Push to use big data in Japan gets help from industry, academia

The pharmaceutical industry's producers and academic researchers in Japan are actively engaged, despite setbacks experienced by others such as Google ($GOOG), in building a big-data pipeline, this one now including 10 drugmakers and 30 medical institutions.

Takeda Pharmaceutical and Kyoto University Hospital have joined the group to amass data from about 10,000 hospitals in Japan to contribute to a collaborative database to be used for further research as a way to trim the time it takes to discover and develop innovative drugs.

Multinational drugmakers, including Bayer and GlaxoSmithKline ($GSK), and the institutions are collecting data such as that Takeda and KUH are collecting to pool side effects, diagnostic information and even, where available, electronic charts and other records to feed a massive database.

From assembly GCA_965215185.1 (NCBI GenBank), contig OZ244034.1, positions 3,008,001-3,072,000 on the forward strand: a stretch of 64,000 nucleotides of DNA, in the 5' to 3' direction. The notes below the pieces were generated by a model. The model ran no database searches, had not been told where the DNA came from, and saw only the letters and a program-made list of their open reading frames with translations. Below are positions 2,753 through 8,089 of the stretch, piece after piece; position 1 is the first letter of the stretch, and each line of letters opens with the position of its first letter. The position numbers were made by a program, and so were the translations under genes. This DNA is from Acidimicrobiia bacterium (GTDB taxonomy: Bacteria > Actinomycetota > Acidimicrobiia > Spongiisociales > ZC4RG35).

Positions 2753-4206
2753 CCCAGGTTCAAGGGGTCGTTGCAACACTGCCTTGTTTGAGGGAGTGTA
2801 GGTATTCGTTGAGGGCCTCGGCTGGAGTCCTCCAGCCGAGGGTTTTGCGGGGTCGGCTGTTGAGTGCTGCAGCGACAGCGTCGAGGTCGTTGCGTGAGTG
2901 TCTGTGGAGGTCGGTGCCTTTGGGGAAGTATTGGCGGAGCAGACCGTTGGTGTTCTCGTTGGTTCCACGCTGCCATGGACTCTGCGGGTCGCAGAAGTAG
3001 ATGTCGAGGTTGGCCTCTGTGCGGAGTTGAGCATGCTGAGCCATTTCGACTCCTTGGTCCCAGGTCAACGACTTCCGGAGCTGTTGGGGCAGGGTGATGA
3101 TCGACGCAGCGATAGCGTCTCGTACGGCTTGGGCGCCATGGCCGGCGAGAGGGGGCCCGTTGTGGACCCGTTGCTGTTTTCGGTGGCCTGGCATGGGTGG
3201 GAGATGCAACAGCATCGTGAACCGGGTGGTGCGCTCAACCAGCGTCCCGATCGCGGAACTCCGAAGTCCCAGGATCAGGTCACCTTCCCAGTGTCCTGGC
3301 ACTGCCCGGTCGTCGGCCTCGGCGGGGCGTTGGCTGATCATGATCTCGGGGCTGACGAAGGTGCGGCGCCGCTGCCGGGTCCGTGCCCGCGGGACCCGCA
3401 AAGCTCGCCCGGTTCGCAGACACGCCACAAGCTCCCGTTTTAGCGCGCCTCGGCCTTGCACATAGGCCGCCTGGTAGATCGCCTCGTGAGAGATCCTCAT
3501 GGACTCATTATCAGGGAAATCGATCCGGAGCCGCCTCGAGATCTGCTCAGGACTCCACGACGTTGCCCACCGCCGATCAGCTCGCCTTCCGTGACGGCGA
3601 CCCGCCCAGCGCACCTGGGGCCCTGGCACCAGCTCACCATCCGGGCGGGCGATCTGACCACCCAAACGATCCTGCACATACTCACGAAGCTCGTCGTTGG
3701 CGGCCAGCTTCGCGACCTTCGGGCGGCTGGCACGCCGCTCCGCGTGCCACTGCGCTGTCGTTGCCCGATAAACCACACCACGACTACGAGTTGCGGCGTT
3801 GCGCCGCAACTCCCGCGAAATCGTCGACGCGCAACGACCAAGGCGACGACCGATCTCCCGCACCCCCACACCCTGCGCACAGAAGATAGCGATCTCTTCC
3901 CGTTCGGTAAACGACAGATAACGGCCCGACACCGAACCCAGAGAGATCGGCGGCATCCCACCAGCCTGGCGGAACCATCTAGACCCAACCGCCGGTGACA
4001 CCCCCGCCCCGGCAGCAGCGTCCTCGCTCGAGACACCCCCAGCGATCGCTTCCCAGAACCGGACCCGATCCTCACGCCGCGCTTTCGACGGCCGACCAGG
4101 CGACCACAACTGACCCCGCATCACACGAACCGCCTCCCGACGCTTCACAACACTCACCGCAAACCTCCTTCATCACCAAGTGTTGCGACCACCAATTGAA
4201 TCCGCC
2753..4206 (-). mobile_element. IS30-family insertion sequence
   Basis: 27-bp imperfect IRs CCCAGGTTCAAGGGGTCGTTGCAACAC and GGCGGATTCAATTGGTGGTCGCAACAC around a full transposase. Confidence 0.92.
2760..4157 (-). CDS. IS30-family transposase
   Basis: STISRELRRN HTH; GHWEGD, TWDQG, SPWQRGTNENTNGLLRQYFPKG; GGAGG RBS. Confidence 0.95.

The plan is to tie particular drugs to particular diseases to determine which are the most efficacious in treatment, instead of the current practice of a drugmaker relying on its own information gathering, usually on its own products.

According to Nikkei, Takeda and the others in the project are charged up to about $250,000 a year for access to the data, in Takeda's case, helped by a government subsidy and help in building a collection system.

- here's the story from Nikkei